A year ago, Gabby – a poultry farmer at Weija Tetegu in Accra – sold a crate of eggs at GH¢17 or GH¢21, depending on the size of the eggs. But today the same crate is sold at GH¢34. What happened? The poultry farmers say it is due to the increased cost of production.
The farmers, who spoke to the B&FT in an interview, say the cost of feed, medication, veterinary services, labour and other miscellaneous expenses have all gone up in the past year, leaving them with no option but to increase the price of eggs to offset their losses.
Gabby, the farmer quoted earlier, said his nightmare is the fact that prices are increasing not monthly or quarterly but on weekly basis, leaving little room for planning.
Another poultry farmer in Accra, Mr. Ninson, expressed similar sentiments, saying the cost of production has now become unbearable.
“We used to buy the feed at GH₵150, but now I buy it at GH₵185. We price our eggs according to the feed because if you have about 240 birds they take, at least, half a bag a day; and so you should make sure their production matches with that of the feed.
If you are not getting it that way, it means you are running at a loss or there is a problem with the fowl.
“Medicines for the birds are now selling at very high prices. For example, Amin Total that we were buying at GH₵120 is now GH₵200,” he noted.
For Mr. Ninson, the lowest price for a crate of eggs at his farm is GH₵26; and the large crates go for GH₵30. He said he cannot absorb all these costs, as he will not get money to pay for feed, labour, electricity, water and other associated expenses.
This has been reflected in the retail prices of eggs, as it has seen an up to 100 percent jump in the course of one year.
Food vendors now sell one egg at GH₵2 compared to GH¢1 a year ago. The raw eggs on the shelves of provision shops are also being sold between GH₵1.20p and GH₵1.50p per one, whereas they were hitherto sold at 70 pesewas and 80 pesewas depending on size. And those who sell cooked eggs with ground pepper, which is usually bought as a snack, also sell one egg at GH₵1.50p compared to GH¢1 previously.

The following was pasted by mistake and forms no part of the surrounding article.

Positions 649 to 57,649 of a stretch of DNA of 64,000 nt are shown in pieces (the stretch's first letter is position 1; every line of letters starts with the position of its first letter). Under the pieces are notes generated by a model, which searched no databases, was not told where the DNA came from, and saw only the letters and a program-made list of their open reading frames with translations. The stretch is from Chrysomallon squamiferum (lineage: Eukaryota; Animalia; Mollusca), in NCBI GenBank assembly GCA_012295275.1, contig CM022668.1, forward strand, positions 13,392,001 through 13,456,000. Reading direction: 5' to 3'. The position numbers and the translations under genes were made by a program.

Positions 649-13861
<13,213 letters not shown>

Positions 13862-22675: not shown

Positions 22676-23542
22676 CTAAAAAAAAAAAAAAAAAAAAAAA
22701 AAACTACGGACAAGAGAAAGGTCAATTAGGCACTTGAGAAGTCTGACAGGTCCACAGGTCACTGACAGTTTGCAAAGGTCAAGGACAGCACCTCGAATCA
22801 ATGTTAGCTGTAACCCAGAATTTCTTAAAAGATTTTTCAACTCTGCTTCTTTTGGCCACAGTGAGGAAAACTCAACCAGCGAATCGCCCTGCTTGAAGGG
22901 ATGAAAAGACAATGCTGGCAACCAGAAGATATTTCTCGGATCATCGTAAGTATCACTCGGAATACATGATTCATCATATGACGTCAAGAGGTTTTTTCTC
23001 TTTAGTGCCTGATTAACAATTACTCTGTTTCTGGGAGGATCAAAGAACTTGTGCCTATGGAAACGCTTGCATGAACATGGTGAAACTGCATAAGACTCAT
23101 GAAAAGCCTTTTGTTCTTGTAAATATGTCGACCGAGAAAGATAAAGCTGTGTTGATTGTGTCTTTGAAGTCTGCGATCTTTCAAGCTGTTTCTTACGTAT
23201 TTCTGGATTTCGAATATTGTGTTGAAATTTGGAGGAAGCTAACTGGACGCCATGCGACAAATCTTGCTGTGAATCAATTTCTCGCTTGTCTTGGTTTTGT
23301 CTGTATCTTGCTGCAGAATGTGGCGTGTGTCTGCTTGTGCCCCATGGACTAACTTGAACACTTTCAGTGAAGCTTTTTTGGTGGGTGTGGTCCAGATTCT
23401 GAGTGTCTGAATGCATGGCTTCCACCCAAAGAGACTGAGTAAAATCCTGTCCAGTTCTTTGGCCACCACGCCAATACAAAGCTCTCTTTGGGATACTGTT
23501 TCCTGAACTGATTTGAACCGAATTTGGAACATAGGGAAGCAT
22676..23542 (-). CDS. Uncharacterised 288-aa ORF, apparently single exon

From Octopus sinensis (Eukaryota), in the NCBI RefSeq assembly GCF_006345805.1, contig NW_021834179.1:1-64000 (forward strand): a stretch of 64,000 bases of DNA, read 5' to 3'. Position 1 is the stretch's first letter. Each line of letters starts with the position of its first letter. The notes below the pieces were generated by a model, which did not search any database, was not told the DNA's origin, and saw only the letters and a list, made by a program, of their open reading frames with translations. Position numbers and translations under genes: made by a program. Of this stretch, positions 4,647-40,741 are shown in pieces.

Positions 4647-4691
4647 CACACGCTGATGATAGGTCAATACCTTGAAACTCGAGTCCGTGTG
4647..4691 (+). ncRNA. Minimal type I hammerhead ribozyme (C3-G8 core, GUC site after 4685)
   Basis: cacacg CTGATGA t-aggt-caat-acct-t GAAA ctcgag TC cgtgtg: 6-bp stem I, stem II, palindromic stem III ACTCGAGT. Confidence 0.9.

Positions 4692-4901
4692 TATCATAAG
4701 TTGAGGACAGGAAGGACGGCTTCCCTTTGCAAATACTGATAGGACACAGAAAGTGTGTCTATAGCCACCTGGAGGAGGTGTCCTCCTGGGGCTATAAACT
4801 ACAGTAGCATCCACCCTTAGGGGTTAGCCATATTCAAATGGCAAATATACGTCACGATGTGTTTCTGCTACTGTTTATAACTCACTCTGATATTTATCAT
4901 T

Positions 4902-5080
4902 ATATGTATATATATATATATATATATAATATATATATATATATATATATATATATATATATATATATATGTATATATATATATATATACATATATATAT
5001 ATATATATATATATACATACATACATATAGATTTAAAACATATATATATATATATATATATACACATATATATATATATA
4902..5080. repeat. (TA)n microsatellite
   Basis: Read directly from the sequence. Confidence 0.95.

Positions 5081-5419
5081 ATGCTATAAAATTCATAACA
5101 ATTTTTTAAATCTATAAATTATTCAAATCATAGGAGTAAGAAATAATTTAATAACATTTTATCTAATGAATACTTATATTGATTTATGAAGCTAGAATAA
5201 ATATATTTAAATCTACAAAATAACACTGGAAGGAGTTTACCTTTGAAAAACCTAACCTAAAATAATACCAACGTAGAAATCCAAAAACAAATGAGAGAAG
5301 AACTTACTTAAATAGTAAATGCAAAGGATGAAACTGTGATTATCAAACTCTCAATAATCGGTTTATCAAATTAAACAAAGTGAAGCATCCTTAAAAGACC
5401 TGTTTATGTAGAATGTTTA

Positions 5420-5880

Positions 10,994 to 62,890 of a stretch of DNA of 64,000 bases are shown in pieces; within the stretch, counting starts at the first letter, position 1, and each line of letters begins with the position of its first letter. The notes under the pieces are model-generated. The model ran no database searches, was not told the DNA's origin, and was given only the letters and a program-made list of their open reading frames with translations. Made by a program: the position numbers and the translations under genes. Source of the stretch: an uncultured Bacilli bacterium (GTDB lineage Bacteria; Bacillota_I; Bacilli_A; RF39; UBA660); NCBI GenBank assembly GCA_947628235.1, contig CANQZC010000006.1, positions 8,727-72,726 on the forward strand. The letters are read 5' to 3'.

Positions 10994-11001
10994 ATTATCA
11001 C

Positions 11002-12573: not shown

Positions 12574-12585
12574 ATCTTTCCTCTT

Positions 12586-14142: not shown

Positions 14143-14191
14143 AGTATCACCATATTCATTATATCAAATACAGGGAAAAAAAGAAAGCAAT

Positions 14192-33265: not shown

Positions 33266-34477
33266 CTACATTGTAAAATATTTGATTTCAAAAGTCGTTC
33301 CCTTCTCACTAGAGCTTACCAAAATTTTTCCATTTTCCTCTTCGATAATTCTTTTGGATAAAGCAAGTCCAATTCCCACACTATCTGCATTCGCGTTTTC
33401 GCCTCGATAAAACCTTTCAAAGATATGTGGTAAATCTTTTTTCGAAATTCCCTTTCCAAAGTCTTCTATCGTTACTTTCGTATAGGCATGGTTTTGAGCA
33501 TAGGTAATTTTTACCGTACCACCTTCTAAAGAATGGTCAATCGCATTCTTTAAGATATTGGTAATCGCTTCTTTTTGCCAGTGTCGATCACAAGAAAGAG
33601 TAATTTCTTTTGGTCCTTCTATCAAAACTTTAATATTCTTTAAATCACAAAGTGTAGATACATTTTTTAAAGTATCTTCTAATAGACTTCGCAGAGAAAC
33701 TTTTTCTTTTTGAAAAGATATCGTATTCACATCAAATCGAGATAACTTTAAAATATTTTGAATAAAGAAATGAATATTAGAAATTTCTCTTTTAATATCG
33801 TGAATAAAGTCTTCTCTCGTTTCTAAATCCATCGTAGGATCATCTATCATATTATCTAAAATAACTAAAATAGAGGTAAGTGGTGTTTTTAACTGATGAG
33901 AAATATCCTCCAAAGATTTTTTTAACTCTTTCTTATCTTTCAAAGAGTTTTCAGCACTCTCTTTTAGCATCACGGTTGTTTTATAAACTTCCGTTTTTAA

Despite the increase in prices, egg distributors say the challenges farmers face are impacting production as they do not get the quantity they need, thereby affecting sales revenue.
“The profit I make initially has reduced significantly. I used to sell over 600 crates in a week and make a profit of GH₵2 on each crate. And now, because farmers are also complaining that their production cost has increased, they are unable to produce more for us, their clients. Presently, I sell about 500 eggs in a week,” a wholesaler at Mallam, Kuukua Krampah, told the B&FT in an interview.
Poultry Farmers Association cries for help
Chairman of the National Association of Poultry Farmers, Victor Oppong Adjei, has lamented the high cost of production and how it is severely affecting the poultry industry.
Mr. Oppong Adjei said the situation has caused the collapse of about 70 percent of farmers in the poultry industry, leaving others in debt.
“As we talk, most of the farmhouses have collapsed. We have few in the system; and even with the few we have, some have reduced their farm size – and for others, we do not know their fate. The situation is very critical as we speak. We do not have the total figures of all farmers, but I can tell you that over 65 percent to 70 percent are currently not in business due to the high cost of production and indebtedness. We do not even know what we are doing now. We spoke about the high cost of feed recently, then we realised the price was coming down; but all of a sudden, the situation has changed. The effect is very critical for the industry now,” he said.
The Association is calling on the government to intervene, as without such action the local poultry industry may collapse.
“We are calling for government’s intervention, otherwise we might get to a time when there will not be a single poultry farm. Poultry is an industry that can create more jobs along the value chain, and in this case, we should not allow it to collapse. We should look at it seriously to know what can be done to revamp the industry.
“Government can support in the form of subsidies on maize; because looking at the maize price, if there is a subsidy it will help keep the farmers in operation,” he said.
Source: Business and Financial Times